Wen has the advantage of having been, pre-COVID, on the ground lines of public health as the city of Baltimore's health commissioner, too.

She may be right 100 percent. She may be wrong 100 percent. She may be more wrong than right, or more right than wrong. I'm pretty sure she's not 100 percent wrong, and pretty sure she has the professional chops to know how she's framing the conversation.

I get the feeling that the People's CDC and fellow travelers are afraid to go down her road for fear of being sucked into twosiderism, in part. It's a fear somewhat akin to an AA member thinking that trying other outlets for sobriety support will doom them. I said this in my post three weeks ago. I said it in the past when calling out Walker Bragman and others for not talking about why we don't have non-mRNA boosters.

Related issue? Zeynep Tufekci tells you what Walker Bragman and the People's CDC won't — RSV and flu cases have both sharply dropped again after their initial surge. I suspect two years of masking and isolation lessened natural immunity, which is a thing, even if misinterpreted by the denialists and minimalists. (And, she's been attacked on Twitter herself.) 

So, Gregg Gonsalves, Emma Green has a degree of rightness on that issue. (I'm not a big enough Twitter fish to get attacked myself.)

In addition to her? Former Pro Publica editorial top cheese Dick Tofel also suggests it's time to move from pandemic to endemic, in terms of journalism coverage, and how we should get beyond twosiderism:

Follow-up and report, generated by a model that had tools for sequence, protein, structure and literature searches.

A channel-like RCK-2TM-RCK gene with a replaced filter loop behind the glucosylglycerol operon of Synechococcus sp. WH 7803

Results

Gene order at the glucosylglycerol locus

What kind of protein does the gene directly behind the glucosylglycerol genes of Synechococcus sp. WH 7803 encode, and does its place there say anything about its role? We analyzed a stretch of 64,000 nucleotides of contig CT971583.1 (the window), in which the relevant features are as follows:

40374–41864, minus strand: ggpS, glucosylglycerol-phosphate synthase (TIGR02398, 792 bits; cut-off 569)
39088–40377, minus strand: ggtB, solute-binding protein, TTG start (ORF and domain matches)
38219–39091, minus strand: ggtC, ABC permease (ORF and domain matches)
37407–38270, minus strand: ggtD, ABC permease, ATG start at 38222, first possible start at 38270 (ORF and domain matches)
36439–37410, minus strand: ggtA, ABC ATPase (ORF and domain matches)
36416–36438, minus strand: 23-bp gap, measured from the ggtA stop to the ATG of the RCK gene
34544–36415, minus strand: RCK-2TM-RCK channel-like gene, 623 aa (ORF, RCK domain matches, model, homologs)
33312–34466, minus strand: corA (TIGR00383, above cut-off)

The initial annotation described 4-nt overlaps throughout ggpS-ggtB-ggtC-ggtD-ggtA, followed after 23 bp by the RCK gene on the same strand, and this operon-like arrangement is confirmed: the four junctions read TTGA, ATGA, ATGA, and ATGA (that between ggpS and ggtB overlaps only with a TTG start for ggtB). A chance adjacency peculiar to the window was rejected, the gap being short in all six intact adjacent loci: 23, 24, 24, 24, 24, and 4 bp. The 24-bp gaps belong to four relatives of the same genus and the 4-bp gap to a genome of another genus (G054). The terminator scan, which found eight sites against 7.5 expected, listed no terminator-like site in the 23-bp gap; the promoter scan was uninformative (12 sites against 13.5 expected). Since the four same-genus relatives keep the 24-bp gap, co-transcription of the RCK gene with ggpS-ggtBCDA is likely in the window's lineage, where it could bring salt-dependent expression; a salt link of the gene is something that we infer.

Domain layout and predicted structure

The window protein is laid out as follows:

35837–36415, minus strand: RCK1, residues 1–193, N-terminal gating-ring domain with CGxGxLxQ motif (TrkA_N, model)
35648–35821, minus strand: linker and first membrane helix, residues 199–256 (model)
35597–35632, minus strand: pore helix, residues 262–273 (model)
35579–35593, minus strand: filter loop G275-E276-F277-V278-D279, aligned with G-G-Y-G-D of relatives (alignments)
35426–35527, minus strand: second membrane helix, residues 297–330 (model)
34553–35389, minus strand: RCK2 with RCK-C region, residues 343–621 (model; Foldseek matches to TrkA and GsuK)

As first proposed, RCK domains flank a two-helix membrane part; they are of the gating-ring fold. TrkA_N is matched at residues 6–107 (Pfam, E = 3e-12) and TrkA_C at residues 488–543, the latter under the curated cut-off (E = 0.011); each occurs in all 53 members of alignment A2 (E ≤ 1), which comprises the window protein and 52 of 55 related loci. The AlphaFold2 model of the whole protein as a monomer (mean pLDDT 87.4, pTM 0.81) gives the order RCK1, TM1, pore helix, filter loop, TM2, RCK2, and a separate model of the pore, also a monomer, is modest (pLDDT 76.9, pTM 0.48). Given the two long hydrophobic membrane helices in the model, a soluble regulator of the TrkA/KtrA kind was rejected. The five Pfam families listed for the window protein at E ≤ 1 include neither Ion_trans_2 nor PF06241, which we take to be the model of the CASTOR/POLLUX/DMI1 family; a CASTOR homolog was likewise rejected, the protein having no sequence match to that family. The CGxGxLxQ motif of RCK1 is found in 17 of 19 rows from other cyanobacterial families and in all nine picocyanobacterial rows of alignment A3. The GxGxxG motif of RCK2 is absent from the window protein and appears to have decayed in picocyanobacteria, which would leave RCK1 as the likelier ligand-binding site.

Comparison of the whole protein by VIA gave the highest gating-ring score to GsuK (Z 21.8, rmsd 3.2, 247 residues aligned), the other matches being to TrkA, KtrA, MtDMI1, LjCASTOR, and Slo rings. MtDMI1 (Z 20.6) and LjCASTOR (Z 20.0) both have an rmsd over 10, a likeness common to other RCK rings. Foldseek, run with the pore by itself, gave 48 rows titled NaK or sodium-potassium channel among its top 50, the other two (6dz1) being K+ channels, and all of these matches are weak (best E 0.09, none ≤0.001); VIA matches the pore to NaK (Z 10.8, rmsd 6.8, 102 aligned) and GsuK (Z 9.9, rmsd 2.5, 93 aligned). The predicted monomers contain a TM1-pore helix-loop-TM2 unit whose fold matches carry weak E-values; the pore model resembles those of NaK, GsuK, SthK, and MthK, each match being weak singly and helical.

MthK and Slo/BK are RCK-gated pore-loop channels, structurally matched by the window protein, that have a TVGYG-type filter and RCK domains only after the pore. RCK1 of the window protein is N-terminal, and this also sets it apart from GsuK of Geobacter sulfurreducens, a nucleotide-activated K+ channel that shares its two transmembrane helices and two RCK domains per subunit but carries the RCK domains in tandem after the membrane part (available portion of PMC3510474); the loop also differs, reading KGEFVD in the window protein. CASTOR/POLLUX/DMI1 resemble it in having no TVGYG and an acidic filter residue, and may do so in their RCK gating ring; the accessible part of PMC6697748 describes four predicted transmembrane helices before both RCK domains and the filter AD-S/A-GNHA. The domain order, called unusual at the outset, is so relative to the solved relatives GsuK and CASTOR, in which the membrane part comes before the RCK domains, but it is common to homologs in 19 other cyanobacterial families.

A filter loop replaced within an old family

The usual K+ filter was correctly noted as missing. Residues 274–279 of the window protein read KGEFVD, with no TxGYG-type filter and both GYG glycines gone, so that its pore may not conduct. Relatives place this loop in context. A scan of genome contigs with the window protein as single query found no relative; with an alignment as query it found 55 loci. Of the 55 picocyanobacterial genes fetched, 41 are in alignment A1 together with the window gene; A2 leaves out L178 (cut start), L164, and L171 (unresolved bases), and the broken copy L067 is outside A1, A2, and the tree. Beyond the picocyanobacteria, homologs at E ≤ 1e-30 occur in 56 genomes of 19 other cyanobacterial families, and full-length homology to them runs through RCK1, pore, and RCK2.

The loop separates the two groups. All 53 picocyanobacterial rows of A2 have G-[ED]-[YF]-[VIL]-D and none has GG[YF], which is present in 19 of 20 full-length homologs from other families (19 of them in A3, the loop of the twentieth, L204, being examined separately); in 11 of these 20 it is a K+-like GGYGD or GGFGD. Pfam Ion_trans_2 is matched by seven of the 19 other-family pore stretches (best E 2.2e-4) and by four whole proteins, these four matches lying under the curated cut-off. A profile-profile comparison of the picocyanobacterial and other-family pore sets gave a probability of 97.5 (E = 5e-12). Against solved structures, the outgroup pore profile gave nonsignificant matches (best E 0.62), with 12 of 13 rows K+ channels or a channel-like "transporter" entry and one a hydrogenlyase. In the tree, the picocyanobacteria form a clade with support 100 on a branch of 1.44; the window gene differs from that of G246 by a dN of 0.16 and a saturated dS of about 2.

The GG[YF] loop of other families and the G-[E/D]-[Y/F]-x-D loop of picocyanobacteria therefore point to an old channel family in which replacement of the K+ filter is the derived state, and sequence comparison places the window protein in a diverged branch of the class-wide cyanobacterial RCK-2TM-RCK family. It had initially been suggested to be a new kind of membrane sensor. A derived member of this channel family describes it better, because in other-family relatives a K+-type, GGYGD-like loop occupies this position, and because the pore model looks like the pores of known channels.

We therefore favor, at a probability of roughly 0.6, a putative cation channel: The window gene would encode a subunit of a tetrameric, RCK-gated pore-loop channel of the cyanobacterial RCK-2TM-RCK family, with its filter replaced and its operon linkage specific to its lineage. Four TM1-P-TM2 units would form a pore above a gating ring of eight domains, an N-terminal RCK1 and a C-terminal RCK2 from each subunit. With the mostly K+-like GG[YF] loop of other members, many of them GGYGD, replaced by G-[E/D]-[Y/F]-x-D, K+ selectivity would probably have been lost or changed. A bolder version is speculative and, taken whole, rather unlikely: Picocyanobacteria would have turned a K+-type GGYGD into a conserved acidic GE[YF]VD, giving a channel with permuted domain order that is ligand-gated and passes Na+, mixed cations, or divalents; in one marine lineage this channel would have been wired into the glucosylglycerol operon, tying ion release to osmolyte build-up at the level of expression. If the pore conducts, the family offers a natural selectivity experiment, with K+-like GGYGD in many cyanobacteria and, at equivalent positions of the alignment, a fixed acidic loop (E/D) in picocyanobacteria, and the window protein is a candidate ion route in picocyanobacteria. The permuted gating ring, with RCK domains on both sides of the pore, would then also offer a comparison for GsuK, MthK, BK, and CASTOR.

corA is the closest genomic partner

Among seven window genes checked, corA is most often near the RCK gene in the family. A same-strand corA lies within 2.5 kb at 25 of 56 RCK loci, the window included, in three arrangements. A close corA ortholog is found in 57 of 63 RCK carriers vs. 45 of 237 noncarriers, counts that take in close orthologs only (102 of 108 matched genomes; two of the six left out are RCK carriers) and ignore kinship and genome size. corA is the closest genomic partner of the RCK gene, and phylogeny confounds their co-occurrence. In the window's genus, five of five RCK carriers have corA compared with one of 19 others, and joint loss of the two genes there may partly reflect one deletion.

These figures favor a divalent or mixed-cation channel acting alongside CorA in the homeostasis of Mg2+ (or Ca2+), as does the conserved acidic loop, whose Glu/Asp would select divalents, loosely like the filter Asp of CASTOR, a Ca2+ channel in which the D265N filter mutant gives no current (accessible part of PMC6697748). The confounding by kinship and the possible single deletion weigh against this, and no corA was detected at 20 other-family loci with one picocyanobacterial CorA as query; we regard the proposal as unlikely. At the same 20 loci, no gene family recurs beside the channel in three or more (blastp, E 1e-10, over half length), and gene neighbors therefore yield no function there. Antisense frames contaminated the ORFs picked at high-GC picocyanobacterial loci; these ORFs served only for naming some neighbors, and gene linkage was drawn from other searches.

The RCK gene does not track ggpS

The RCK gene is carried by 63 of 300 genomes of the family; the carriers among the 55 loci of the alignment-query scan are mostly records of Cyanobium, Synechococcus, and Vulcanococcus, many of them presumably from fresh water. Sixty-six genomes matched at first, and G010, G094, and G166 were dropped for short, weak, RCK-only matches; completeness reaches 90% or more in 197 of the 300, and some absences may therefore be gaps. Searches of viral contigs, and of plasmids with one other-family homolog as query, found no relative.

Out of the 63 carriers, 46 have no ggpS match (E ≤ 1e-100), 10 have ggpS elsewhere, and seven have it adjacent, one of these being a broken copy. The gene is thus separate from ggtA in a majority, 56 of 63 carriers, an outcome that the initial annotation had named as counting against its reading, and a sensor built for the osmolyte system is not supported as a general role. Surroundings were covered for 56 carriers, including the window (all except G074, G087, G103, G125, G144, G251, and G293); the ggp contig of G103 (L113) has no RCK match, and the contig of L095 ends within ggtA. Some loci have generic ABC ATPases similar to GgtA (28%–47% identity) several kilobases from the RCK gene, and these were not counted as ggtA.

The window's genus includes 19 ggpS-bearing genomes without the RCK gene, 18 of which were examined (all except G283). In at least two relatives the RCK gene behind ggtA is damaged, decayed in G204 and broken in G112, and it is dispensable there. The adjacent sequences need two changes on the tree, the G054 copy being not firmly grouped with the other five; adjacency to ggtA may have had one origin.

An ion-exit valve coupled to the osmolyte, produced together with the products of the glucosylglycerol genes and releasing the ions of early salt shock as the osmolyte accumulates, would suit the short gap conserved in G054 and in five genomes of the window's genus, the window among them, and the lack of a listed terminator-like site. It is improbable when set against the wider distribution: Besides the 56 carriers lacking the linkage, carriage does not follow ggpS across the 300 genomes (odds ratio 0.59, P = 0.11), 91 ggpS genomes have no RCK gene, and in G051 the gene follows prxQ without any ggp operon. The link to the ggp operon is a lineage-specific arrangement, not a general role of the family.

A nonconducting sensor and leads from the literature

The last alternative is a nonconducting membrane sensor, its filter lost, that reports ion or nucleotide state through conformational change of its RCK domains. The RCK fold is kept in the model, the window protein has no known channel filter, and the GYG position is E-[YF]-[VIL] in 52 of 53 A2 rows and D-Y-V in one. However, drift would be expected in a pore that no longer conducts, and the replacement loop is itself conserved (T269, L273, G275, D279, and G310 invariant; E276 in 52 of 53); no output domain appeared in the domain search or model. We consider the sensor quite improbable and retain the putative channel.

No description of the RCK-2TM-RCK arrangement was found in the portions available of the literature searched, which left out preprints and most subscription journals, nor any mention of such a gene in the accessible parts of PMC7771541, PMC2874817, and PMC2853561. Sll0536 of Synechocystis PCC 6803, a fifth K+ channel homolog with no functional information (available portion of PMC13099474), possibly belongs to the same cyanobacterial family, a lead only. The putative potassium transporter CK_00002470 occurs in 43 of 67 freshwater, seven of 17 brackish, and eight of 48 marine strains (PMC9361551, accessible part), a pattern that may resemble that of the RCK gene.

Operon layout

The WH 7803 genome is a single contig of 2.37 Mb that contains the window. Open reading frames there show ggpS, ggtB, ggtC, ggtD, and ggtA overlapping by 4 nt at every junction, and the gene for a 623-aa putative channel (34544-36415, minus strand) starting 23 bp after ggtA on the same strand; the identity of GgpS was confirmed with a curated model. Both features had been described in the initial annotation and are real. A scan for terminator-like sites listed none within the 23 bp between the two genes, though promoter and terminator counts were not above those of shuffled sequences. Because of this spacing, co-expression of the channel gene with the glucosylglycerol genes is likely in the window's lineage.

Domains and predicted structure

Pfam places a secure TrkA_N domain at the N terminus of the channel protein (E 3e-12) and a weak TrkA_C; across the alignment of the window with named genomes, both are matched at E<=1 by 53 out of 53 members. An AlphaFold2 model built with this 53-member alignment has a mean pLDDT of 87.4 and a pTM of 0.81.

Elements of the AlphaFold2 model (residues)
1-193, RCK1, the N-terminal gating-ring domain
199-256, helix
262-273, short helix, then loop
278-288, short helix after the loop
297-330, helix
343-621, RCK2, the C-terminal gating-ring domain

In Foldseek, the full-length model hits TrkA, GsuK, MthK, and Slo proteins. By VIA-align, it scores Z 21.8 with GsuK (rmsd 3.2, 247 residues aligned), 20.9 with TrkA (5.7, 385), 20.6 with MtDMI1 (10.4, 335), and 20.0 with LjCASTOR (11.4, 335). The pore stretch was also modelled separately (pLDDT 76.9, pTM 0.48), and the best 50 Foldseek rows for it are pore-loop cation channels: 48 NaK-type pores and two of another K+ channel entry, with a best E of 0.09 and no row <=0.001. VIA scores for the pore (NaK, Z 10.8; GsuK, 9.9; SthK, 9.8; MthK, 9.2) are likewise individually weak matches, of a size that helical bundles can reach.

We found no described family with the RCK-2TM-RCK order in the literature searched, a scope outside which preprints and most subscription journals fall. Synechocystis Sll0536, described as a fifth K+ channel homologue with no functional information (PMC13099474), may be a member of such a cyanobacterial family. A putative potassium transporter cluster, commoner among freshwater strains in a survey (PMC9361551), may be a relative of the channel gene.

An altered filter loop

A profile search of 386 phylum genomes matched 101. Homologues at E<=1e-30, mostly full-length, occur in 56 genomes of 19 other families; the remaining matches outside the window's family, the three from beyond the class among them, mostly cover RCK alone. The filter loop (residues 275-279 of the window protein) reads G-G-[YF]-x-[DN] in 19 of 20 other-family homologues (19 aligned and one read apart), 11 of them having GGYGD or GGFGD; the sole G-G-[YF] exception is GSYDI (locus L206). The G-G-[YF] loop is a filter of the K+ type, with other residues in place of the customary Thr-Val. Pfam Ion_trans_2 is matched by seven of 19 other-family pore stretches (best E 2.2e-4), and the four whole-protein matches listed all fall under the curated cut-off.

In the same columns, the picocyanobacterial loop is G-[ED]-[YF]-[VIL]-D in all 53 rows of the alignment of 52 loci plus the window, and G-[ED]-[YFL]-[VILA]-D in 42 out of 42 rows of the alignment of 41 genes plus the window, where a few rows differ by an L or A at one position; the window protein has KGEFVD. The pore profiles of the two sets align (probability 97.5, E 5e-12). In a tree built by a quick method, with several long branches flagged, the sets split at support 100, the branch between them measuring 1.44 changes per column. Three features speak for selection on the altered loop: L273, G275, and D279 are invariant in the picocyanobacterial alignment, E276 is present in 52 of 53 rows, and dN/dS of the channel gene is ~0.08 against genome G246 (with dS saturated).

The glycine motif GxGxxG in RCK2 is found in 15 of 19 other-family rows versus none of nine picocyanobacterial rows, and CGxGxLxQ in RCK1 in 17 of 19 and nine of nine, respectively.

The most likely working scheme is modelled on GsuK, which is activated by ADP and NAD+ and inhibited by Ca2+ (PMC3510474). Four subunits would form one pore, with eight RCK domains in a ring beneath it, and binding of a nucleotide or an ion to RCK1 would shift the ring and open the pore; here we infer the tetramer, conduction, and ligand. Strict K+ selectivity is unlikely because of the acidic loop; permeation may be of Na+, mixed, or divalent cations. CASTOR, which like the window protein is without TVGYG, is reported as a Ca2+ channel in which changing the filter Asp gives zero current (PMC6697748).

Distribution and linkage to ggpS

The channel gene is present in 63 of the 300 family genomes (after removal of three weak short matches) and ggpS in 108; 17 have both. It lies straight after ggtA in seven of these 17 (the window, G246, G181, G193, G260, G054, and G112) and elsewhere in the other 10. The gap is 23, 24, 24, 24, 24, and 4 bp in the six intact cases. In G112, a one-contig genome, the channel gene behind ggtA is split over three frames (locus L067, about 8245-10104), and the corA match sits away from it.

The answer seems not to be to pretend that COVID has disappeared, but rather to integrate what we have learned these last three years into public life, urging (and making it feasible) for those who are ill to stay home, taking special precautions around those at highest risk, varying our own behavior at times and in places where illnesses are more prevalent, acknowledging that those who choose to avoid or delay available vaccines are assuming risks for which they must bear at least some of the consequences.

Sounds pretty sensical.

January 26, 2023

Indicting Alec Baldwin

Jill Filipovic had a good piece at CNN last week that shows that it's not outlandish that Baldwin was indicted for involuntary manslaughter.

First, contra the #BlueAnon wingnuts on Twitter, this ain't because he's an outspoken Democrat. It was the First Judicial District of New Mexico, ie, the DA for Fanta Se, or Santa Fe County, the bluest (and occasionally Greeny in the past) bastion of the state of New Mexico. (The district also covers Rio Arriba and Los Alamos counties.)

Second, she reminds us of the more important salient facts:

Baldwin was one of the producers of "Rust" as well as starring actor;

The set was described as disorganized, and a "good Democrat" and other producers had camera crew walk off the set before this because their pay was late;

The set had two previous gun incidents; 

The assistant director had complaints of lax safety on other sets.

And, it IS "involuntary manslaughter" on the charge. Filipovic cites the NM statute then explains why she thinks Baldwin was tagged: